The Significance of Black History Month
This Month is Black History Month, which is officially recognized by the United States, Canada, the U.K., Ireland, and the Netherlands. Black History Month originated in the U.S., where it is also known as African-American History Month.
The precursor to Black History Month was Black History Week which was first celebrated 1926, as an educational endeavor of American Scholar Dr. Carter Woodson (1875-1950). The specific calendar week was chosen because it coincided with the birthdates of both Abraham Lincoln (February 12th) and Frederick Douglass (February 14th)– these gentlemen’s birth dates have been celebrated together by American black communities since the late 19th century– in recognition of the significant impact these two individuals had on Black American life.
Dr. Woodson pushed to bring black history into public consciousness, noticing that the role of African Americans in American History was either misrepresented or missing altogether from the history books of his time. Black history was largely ignored by historians and the general public until the 20th century; Dr. Woodson is attributed as a significant force in changing all that, through the coordination of teaching the history of black Americans in the nation’s public schools.
Much of the history of black people wasn’t known by blacks or whites until black history was taught in school. The research and dissemination of black history has countered myths that slaves were well-treated under slavery or that blacks had been better off under slavery. It also, by lifting examples of extraordinary individuals, provided examples of Americans for children to look-up to, emulate, and have pride in.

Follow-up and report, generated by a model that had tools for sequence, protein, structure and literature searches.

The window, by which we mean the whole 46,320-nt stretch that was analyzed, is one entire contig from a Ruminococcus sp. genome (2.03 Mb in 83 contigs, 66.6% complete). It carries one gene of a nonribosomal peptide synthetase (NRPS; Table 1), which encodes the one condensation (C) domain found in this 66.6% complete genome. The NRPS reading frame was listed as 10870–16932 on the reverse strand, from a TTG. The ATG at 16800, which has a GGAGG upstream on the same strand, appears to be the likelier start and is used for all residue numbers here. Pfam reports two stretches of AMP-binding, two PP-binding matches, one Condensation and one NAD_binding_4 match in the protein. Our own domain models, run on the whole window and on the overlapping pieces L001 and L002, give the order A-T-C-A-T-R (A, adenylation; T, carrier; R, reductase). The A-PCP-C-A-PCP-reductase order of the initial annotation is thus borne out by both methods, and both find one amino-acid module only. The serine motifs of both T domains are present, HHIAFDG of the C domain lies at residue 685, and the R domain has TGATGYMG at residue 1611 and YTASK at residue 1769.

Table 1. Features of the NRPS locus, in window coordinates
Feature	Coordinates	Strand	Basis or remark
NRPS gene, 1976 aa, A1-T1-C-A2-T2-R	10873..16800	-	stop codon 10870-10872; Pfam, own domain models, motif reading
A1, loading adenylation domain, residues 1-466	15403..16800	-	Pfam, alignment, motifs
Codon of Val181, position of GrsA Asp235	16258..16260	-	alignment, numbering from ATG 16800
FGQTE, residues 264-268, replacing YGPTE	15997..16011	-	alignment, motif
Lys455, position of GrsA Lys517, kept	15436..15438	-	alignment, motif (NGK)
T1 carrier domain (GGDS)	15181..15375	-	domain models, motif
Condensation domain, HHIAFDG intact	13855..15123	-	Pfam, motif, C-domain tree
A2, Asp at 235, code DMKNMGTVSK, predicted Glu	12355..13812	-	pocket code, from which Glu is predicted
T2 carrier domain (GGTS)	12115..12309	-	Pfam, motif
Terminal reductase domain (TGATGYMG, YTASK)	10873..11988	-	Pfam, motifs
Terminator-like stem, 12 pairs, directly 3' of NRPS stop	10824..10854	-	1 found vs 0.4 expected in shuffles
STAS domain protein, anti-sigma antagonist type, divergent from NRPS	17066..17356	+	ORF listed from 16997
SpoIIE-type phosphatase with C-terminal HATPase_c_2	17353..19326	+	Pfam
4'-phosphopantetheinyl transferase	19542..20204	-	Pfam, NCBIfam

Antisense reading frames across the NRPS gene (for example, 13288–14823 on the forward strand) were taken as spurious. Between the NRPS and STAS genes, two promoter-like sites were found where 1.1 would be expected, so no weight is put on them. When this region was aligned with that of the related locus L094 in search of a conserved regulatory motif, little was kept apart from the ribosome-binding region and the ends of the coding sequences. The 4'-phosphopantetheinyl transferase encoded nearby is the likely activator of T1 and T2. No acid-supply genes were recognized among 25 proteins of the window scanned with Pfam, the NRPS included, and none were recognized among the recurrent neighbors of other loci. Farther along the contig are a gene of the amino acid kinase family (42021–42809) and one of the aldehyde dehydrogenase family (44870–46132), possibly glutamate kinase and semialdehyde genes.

Black History week grew in popularity over the following decades, with mayors across the United States endorsing it as a holiday. Black History Month was first proposed by black history educators at our very own Kent State University (here in Ohio), and officially became recognized by President Ford during the celebration of the United States Bicentennial, in 1976.
While Black History month has helped the growing cultural identity among the black community, it’s significance to all Americans can not be overstated. We can not make America Great while blind to one another or to our history, and without examples of greatness from the full spectrum of our citizenry. All these things are part of the shared history of the United States.
We’ve identified several resource links for anyone wishing to learn more about Black History in the United States. There is a great deal more each of us can personally learn about the history of Black Americans. If you know of other resources, comment in our discussion forums, and we’ll see about adding them to our list.
This is What We’ve Identified So Far:
Resources from the Center For Racial Justice In Education
Resources from the African American History Month Government website, and
Resources from the National Education Association
You can find more resources related to diversity and inclusion by selecting the “Diversity and Inclusion” option from our Social Service “Resource Utilization Library” page.